by Tom Taffel
June 3, 2013
To defend is the natural tendency to guard and fortify. Naturally, we take steps to defend ourselves against the things we think will threaten, attack, and weaken us.
This is quite different from being “defensive,” which is often associated with suspicious and distrustful behavior. To me, the battle cry of defensiveness is the costly attack-defend/attack-defend paradigm that presupposes there must be vengeance, victims and losers, fear and distrust in an unsafe, insecure, and volatile world.
I’ve found that pondering the practical human need to defend, in contrast with a divinely inspired state of “defenselessness,” is empowering, liberating, and healing. It allows the strength of the Christ-truth to replace underlying fear, anger, and weakness with our holiest of purposes—to be God’s blessed peacemakers.
While many people think of defenselessness as a kind of vulnerability that invites defeat, defenselessness—in the sense of not being reactive or ready to fight back with self-justification or resentment—secures our safety, invulnerability, and peace, and is the key to healing. The very foundation of this kind of defenselessness is humility: “I can of mine own self do nothing” (John 5:30), and the recognition that through God all things are possible (see Mark 10:27). Humility is the source of our safety because its foundation is in God, divine Principle, and rests in the loving, omnipotent power of the Almighty. Jesus proved this when he refused to defend himself before Pontius Pilate’s inquiries (see John 19:10, 11).
In Psalms we read: “It is God that girdeth me with strength, and maketh my way perfect. … Thou hast also given me the shield of thy salvation: and thy right hand hath holden me up, and thy gentleness hath made me great” (18:32, 35). Rest assured defenselessness, based on the all-power of God, does not leave us helpless, unprotected, unguarded, weak, or vulnerable to attack. On the contrary, it recognizes the true, spiritual nature of man while affirming the quietness of spiritual power, the strength of stillness, the security of our completeness, the supremacy and greatness of God.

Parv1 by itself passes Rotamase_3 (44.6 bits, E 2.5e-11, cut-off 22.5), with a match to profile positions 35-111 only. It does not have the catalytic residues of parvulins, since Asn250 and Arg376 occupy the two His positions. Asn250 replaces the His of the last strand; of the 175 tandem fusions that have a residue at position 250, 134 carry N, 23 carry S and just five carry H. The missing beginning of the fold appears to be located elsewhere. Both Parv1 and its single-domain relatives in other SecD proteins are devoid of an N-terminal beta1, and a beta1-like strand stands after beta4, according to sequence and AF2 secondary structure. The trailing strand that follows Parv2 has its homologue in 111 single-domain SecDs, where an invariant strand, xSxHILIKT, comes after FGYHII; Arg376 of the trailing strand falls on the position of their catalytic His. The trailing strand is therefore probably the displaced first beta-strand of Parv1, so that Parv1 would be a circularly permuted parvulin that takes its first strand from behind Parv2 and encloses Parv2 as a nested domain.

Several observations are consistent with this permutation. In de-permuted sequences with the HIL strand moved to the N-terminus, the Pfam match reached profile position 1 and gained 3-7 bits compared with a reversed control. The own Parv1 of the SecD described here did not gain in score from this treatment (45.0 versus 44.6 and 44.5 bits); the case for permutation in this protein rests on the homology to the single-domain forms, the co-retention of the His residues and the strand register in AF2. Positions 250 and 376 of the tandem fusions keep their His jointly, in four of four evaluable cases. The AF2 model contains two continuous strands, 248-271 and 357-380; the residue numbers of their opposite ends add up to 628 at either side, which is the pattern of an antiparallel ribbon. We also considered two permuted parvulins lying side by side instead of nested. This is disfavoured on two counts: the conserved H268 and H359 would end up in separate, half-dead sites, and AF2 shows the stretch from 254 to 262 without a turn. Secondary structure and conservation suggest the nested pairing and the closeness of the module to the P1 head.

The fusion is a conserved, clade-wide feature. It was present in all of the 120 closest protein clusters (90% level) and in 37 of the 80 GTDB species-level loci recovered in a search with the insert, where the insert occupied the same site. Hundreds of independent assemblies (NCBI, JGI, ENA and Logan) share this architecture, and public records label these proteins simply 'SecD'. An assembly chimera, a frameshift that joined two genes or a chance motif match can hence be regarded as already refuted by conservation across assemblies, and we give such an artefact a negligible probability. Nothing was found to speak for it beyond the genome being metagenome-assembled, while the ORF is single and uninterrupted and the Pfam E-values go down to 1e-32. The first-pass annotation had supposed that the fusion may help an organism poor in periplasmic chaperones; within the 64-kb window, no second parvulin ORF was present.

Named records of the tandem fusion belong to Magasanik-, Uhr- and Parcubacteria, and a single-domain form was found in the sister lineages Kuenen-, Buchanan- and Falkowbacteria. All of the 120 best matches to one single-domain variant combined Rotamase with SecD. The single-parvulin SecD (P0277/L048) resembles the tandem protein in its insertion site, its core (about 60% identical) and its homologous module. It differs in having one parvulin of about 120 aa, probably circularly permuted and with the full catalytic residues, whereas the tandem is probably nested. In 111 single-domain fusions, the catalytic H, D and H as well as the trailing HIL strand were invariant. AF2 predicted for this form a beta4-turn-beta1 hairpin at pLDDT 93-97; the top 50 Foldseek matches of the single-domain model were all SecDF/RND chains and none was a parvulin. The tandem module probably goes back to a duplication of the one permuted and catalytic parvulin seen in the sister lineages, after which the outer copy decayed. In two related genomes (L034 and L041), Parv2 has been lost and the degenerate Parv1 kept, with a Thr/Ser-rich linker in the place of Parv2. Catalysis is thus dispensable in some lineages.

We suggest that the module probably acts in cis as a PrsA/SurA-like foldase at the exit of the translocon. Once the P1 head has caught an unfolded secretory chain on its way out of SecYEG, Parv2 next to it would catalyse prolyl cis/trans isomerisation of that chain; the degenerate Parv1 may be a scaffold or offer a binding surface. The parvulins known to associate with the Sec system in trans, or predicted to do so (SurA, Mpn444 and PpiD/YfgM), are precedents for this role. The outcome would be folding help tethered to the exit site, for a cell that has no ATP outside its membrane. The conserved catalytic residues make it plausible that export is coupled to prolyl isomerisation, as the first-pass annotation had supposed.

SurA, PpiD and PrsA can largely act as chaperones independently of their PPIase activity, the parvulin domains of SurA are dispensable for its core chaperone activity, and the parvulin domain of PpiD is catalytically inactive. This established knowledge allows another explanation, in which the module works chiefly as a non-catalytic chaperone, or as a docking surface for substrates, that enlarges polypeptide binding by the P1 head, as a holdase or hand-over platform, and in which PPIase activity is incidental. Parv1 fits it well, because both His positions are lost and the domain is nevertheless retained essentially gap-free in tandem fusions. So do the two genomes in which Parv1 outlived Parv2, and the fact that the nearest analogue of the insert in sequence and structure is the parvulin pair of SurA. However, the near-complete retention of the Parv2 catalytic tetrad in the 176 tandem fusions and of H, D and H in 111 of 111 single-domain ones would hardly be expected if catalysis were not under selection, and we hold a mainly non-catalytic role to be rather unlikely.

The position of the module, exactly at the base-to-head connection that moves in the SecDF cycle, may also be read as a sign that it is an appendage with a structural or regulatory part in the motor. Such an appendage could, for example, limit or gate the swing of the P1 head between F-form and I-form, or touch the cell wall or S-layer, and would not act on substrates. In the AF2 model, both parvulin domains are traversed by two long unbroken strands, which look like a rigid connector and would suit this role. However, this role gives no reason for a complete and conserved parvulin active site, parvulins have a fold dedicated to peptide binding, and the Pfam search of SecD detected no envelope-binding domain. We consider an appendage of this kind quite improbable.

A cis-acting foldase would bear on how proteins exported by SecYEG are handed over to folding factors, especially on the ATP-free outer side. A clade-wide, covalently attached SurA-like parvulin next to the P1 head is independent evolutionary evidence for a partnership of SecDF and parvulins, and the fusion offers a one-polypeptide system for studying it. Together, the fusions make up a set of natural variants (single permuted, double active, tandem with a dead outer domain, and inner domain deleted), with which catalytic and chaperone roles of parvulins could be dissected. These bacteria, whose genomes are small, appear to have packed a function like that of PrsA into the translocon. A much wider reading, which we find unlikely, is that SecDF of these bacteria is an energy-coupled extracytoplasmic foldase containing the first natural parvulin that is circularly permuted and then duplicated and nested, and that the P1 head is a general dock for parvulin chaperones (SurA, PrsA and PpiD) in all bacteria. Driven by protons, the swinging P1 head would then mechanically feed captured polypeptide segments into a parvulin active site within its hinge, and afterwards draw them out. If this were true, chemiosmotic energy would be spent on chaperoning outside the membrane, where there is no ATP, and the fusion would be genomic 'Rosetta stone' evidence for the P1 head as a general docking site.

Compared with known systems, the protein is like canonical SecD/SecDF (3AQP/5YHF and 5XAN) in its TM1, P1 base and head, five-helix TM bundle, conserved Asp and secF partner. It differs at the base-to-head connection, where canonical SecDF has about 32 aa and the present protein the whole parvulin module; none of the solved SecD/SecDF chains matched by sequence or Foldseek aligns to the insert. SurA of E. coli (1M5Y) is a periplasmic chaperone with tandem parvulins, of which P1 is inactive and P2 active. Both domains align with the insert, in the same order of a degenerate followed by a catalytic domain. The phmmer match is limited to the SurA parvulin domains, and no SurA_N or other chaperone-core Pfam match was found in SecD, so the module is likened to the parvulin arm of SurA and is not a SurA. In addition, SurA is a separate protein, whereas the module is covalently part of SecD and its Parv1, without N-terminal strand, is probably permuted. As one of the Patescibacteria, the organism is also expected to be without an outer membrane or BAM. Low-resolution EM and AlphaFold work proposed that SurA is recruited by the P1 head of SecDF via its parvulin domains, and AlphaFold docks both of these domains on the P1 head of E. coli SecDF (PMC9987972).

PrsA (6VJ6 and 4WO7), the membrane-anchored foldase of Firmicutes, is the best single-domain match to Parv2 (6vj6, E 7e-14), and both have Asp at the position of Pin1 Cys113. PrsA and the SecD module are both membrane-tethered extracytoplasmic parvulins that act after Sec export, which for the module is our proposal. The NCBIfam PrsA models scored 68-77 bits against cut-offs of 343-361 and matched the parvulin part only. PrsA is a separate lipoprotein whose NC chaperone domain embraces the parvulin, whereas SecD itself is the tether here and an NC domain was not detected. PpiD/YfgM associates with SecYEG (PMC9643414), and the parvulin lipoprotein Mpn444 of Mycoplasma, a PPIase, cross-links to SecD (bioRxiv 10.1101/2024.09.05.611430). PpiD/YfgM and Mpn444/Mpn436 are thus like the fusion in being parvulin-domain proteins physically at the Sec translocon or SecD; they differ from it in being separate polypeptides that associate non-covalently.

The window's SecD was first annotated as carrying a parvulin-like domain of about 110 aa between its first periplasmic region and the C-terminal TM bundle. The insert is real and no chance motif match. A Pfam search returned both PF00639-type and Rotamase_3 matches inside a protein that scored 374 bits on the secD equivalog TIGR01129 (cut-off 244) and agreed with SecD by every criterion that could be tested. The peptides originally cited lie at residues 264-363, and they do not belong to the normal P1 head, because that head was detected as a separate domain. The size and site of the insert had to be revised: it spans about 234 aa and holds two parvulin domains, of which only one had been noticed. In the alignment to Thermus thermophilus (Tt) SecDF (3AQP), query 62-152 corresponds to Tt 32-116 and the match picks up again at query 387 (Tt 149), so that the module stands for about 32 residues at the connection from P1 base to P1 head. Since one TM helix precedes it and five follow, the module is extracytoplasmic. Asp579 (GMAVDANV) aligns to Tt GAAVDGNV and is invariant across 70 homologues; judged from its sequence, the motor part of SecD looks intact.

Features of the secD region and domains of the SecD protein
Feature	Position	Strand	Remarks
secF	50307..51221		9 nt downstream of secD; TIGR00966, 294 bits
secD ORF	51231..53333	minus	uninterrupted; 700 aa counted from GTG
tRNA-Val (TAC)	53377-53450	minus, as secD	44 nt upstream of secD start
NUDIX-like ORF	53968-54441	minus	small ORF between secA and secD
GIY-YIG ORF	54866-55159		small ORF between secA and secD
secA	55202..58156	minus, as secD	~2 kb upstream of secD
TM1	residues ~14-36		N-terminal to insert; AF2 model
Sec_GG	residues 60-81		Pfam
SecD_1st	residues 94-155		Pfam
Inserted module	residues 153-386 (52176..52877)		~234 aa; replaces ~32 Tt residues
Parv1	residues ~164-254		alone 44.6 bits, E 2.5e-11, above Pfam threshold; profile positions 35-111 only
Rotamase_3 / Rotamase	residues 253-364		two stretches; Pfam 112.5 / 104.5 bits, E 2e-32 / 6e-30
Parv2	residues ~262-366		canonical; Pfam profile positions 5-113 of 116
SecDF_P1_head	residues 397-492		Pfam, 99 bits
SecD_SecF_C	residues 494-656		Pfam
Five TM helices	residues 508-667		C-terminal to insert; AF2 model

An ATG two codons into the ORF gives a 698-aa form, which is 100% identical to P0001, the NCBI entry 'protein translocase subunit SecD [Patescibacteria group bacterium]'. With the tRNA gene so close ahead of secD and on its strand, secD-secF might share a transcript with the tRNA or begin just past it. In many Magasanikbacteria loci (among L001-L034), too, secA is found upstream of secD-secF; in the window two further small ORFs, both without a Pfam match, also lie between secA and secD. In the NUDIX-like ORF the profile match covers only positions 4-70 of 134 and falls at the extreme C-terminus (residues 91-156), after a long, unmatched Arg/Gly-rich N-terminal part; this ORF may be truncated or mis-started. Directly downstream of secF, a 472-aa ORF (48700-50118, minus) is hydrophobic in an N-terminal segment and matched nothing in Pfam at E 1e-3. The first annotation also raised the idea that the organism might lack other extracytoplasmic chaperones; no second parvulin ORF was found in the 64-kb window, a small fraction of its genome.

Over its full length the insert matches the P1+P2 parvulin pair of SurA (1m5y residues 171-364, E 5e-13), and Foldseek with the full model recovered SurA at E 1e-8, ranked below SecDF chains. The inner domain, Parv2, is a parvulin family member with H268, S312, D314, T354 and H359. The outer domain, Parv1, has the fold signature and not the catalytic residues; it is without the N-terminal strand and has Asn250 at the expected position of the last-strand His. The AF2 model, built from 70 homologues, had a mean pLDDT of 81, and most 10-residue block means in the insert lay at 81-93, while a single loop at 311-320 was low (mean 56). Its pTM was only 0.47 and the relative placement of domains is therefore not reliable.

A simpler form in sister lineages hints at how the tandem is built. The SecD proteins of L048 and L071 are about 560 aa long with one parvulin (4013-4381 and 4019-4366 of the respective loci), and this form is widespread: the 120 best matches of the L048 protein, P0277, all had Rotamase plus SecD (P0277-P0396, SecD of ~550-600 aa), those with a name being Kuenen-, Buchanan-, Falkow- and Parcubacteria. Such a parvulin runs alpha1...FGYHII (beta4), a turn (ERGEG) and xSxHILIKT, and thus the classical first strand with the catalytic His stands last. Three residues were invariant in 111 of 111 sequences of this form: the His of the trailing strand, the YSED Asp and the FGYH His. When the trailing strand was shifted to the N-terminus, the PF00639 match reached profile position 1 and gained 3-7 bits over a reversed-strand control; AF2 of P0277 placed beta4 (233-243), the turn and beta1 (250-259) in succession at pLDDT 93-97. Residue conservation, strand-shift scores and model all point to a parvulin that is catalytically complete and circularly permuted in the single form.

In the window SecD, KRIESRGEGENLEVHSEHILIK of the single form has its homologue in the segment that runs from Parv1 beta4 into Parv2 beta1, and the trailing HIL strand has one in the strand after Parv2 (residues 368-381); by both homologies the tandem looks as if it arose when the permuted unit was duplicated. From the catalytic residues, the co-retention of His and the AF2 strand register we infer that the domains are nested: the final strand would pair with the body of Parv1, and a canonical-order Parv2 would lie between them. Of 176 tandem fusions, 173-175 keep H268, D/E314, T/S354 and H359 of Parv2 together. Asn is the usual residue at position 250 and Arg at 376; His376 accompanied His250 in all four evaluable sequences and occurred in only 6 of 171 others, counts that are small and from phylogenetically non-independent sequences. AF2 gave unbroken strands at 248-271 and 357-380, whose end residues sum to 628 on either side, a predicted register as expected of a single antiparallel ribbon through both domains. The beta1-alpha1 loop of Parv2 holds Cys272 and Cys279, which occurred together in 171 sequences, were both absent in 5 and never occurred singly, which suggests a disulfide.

When I was a trained sharpshooter and expert marksman in the military, I never let my guard down; I maintained my true purpose as the expression of divine Life, Truth, and Love. My job was not to react in fear or anger, but to quell retaliation and attack by filling my thought with God’s strength, invulnerability, truth, and love. This brought a peacemaking point of view to even the unlikeliest of situations. Physical weapons may seem to offer the most stable and surest sense of protection, but my military training taught me one important lesson: Even the most technologically advanced weaponry cannot disarm and destroy hate, fear, ignorance, and bigotry.
God is Love. God’s love for His creation is permanent and protective and cannot diminish or be abandoned. And when we affirm that “Love is reflected in love” (Mary Baker Eddy, Science and Health with Key to the Scriptures, p. 17)—enveloping us all as instruments of His peace—we realize that protection and safety are secure.
It all boils down to the power of good thoughts. Therein lies our strength and our sure defense. Mary Baker Eddy reassures us that “good thoughts are an impervious armor; clad therewith you are completely shielded from the attacks of error of every sort. And not only yourselves are safe, but all whom your thoughts rest upon are thereby benefited” (The First Church of Christ, Scientist, and Miscellany, p. 210).